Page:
This is a great album to start with because it pictures U.S stamps that are easy to find and buy. Pages illustrated on one side only, high quality paper, every stamp identified with Scott numbers. Includes history of each stamp. Affordable - same design as Mystic's American Heirloom album.

    $14.95
    BUY NOW
  • 3-Volume American Heirloom Album and 200 Used US Stamps – #M8104 3-Volume American Heirloom Album – #M8104

    America's best-selling album. Pictures most every U.S. postage stamp issued 1847-2016, over 5,000 stamps with Scott numbers. Pages filled with stamp history. This album is a great value!

    $49.95
    BUY NOW
  • Premium Hingeless American Heirloom Album Premium Hingeless American Heirloom Album – #M11954

    Similar to standard American Heirloom album but includes mounts that are already attached to pages, saving you time and effort. Sturdier pages than American Heirloom. Includes Scott numbers and stamp history. This volume is for stamps issued 1935-1966, over 600 stamps. Higher quality album than Heirloom.

    $99.95
    BUY NOW

 

U.S. #919
5¢ Flag of Austria
Overrun Countries Series

Issue Date: November 23, 1943
City: Washington, D.C.
Quantity: 14,999,646
Printed by: American Bank Note Company
Printing Method: Flat-Plate
Perforations:
12
Color: Blue violet, red, and black
 
U.S. #919 is part of the Overrun Countries Series, which honors each of the nations invaded by Axis powers during World War II. It pictures the flag of Austria, which features two red horizontal bands with a white band in between. It is one of the oldest national flag designs in the world. According to legend, Duke Leopold V invented the flag design during the Crusades. Following a battle, his white clothes were drenched in blood, but when he removed his belt the white cloth underneath was still clean.
 
Austria History
Austria has been inhabited since prehistoric times, originally settled by the Celts. Later it was invaded regularly, first by the Romans, then by Vandals, Goths, Huns and others. The Austro-Hungarian Empire lasted from 1867 until it was destroyed during World War I. 
 
The final invasion was Hitler in 1938. (The Rogers and Hammerstein hit musical “The Sound of Music” takes place in the Austrian Alps during Hitler’s Anschluss.) The Allied Forces liberated Austria in 1945. Full independence was re-established in 1955.
 
These Stamps Brought Hope to Overrun Countries of WW II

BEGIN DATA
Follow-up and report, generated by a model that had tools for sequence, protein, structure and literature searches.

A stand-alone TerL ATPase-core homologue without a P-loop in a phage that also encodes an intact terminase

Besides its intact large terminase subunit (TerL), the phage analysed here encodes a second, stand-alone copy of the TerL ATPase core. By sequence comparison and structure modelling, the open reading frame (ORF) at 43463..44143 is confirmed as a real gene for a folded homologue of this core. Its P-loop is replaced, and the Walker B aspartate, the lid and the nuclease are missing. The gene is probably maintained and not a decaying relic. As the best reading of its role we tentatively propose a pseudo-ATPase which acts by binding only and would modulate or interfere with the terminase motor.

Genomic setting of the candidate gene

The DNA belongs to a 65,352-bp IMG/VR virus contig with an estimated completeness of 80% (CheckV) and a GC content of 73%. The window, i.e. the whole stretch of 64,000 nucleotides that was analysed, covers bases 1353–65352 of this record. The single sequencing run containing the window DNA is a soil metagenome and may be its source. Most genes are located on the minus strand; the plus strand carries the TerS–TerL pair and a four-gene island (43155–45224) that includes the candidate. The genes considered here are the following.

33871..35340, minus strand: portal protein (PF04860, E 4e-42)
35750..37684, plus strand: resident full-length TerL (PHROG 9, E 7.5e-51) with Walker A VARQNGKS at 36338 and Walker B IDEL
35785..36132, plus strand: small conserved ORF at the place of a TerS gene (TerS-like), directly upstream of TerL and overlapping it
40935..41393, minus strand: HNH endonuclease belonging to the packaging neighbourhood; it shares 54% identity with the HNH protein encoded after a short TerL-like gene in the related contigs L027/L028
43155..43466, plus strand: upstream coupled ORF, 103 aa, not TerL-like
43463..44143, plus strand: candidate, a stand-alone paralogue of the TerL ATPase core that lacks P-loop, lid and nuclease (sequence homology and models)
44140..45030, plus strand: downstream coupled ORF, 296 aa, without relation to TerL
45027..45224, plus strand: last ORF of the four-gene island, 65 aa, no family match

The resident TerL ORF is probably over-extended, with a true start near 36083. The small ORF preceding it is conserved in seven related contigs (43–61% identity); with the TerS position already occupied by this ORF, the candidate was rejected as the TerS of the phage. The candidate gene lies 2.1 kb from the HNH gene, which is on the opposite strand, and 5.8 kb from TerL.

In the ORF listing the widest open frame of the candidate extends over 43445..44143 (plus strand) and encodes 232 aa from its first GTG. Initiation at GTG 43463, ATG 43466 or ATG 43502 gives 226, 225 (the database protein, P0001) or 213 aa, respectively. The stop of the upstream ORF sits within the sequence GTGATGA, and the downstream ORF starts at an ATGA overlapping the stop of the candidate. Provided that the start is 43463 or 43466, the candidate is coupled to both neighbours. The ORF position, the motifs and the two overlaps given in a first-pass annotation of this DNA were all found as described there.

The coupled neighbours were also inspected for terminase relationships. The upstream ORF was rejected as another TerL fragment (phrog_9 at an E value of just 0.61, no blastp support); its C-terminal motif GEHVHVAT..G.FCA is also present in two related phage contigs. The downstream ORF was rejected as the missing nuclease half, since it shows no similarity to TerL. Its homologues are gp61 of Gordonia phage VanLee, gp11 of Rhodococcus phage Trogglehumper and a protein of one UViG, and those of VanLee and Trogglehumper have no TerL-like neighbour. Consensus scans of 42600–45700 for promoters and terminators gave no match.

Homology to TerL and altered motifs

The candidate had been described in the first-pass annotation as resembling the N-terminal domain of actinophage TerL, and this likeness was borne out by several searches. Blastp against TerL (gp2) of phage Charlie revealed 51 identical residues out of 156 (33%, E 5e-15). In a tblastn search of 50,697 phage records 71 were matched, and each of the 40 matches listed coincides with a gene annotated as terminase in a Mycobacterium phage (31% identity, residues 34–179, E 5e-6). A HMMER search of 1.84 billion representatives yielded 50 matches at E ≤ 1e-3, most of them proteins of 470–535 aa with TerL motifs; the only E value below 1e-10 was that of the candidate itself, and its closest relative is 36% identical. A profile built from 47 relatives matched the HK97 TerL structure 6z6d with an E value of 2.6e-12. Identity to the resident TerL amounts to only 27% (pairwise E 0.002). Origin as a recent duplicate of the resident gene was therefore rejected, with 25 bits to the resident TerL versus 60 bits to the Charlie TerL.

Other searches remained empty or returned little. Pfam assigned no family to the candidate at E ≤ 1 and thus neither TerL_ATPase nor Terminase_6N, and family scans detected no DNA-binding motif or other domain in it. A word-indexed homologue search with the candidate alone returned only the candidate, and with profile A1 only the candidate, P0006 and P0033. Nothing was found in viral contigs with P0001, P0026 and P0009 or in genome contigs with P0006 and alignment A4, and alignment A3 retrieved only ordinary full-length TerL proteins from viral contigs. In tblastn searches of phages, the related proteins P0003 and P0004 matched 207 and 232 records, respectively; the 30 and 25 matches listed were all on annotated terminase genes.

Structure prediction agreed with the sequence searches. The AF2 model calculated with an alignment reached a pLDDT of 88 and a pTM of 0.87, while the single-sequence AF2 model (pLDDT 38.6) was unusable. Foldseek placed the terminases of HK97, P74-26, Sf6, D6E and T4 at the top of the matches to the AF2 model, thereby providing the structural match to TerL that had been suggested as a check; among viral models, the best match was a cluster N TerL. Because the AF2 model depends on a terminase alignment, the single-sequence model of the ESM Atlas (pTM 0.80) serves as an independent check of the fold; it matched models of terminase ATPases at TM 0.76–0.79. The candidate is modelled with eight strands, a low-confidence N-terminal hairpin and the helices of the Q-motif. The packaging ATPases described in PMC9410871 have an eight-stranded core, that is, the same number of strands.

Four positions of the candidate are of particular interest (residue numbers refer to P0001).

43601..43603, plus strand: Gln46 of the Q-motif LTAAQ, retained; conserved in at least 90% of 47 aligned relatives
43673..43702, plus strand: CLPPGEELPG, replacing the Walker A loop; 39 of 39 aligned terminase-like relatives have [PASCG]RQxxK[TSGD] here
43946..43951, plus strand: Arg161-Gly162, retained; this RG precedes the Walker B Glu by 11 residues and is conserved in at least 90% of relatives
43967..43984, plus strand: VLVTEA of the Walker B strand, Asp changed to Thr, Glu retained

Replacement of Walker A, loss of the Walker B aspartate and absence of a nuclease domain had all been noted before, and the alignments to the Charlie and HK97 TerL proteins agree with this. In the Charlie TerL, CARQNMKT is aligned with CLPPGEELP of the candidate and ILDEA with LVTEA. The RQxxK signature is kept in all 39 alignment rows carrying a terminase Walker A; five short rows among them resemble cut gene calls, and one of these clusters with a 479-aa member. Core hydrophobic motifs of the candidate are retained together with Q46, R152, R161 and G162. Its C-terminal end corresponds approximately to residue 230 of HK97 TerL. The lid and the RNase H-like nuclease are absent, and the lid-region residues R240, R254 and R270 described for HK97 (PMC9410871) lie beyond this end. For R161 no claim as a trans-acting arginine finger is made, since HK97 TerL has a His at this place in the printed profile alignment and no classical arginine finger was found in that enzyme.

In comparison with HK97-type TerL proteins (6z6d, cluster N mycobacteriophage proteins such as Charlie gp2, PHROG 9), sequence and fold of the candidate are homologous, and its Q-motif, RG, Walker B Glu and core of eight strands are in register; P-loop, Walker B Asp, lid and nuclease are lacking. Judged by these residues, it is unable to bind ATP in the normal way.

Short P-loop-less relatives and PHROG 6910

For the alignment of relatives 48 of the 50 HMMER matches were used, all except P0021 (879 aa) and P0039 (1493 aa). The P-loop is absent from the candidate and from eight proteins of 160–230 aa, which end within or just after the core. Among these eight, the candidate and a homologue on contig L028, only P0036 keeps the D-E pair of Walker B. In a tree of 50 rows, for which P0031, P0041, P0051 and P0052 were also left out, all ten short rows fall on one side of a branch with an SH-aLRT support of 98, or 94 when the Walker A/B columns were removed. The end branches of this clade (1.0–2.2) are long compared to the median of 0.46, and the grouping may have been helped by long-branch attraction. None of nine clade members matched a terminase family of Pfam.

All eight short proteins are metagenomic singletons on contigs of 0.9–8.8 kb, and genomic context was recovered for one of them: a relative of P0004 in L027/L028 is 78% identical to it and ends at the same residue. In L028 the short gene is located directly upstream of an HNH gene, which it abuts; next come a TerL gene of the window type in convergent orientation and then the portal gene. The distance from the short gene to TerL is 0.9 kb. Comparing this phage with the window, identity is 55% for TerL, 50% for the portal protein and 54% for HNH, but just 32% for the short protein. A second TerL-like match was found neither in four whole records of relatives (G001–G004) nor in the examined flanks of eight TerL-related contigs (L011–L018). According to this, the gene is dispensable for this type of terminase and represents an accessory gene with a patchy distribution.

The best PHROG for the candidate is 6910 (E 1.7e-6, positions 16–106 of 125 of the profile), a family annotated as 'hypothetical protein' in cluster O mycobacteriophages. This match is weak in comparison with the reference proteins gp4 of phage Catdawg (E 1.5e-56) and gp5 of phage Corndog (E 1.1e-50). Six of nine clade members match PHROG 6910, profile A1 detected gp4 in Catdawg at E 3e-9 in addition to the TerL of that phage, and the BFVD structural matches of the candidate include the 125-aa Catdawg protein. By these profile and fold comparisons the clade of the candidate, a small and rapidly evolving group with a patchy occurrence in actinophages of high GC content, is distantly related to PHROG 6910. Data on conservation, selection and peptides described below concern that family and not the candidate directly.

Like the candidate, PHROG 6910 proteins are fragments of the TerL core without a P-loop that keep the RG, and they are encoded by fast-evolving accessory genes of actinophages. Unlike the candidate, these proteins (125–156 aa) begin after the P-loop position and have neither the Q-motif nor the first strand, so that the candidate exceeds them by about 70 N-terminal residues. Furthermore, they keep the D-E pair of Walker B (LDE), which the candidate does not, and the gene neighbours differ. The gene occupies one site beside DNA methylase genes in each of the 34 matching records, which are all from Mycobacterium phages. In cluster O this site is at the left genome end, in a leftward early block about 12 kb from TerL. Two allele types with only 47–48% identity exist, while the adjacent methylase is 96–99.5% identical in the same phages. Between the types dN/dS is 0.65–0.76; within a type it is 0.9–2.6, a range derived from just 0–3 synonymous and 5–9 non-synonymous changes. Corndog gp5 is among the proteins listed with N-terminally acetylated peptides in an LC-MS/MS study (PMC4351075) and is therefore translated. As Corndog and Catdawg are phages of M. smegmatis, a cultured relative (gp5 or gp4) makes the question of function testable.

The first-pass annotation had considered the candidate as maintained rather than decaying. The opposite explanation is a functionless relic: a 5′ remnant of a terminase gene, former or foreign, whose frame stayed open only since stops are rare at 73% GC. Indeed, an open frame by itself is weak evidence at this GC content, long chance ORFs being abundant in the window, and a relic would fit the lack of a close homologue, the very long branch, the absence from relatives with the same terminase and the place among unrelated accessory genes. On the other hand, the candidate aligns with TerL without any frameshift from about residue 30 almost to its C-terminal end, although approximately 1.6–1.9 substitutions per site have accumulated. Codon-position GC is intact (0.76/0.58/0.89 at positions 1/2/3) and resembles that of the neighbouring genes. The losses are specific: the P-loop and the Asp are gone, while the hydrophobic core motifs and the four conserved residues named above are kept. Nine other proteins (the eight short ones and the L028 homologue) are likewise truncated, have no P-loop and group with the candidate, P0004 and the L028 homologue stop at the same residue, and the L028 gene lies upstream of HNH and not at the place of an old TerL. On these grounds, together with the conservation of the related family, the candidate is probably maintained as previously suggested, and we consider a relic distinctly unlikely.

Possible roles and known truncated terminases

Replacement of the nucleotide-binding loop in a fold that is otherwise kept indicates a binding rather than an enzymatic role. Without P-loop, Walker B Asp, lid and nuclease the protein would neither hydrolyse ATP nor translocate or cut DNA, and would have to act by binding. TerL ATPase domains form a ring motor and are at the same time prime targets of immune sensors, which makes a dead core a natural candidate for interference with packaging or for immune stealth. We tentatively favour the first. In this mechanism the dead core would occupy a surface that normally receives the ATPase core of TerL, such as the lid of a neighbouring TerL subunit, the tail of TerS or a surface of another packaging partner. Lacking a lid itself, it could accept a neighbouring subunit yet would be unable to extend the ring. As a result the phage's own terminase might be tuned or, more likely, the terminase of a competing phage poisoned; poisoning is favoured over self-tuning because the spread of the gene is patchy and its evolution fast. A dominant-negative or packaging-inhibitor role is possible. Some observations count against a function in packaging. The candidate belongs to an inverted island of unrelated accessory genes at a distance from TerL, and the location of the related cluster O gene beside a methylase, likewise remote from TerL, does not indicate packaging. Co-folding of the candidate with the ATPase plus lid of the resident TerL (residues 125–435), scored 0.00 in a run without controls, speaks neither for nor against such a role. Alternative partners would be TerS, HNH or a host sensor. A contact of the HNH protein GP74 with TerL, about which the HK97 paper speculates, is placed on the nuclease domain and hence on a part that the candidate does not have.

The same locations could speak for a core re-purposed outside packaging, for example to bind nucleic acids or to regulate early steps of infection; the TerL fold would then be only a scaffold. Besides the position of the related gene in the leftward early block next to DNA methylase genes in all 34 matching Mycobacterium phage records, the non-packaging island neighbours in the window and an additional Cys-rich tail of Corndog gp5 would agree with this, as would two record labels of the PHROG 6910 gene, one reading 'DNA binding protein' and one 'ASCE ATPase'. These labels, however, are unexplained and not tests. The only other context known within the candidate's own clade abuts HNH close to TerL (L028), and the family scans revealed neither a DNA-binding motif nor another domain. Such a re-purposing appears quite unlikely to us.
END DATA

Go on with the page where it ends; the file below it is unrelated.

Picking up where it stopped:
After receiving several designs from artists who felt the current U.S. postage stamps were unattractive, President Franklin Roosevelt began to consider the types of stamps he wanted to issue. He sought to show the world that America was in this war to achieve world peace, not military dominance. With this in mind, the President suggested the U.S. issue a series of stamps picturing the flags of all the overrun nations in Europe. 
 
In the border surrounding each flag, Roosevelt suggested picturing the Phoenix – an ancient symbol of rebirth. He believed “It might tell those suffering victims in Europe that we are struggling for their own regeneration.” The other side of each flag pictured a kneeling woman “breaking the shackles of oppression.” 
 
When the time came to print the stamps, the Bureau of Engraving and Printing was unable to print the multiple colors needed for each flag, so the American Bank Note Company received a special contract for this series. 
 
Additionally, a 5¢ denomination – the foreign rate for first class postage – was chosen so the stamps could be used on overseas mail.  The stamps were printed in relatively small quantities and were in high demand as soon as they were issued, with stocks across the country running out almost as soon as they were released.
 
FDR – The Stamp-Collecting President
President Franklin Roosevelt was instrumental in the design and issuance of U.S. #919. Introduced to stamp collecting at a young age by his mother, Franklin Delano Roosevelt turned to his collection throughout his life to relax and unwind. 
 
Elected President four times, Roosevelt served in the nation’s highest office longer than any other chief executive – 12 years. During those 12 years, Roosevelt shared his love of stamps with the nation, personally approving each of more than 200 stamp designs. He suggested topics, rejected others, and even designed some himself. It was his aim to use stamps not just to send mail but also to educate Americans about our history. And as he reluctantly entered America into World War II, he saw these stamps as an outlet to raise spirits and bring hope.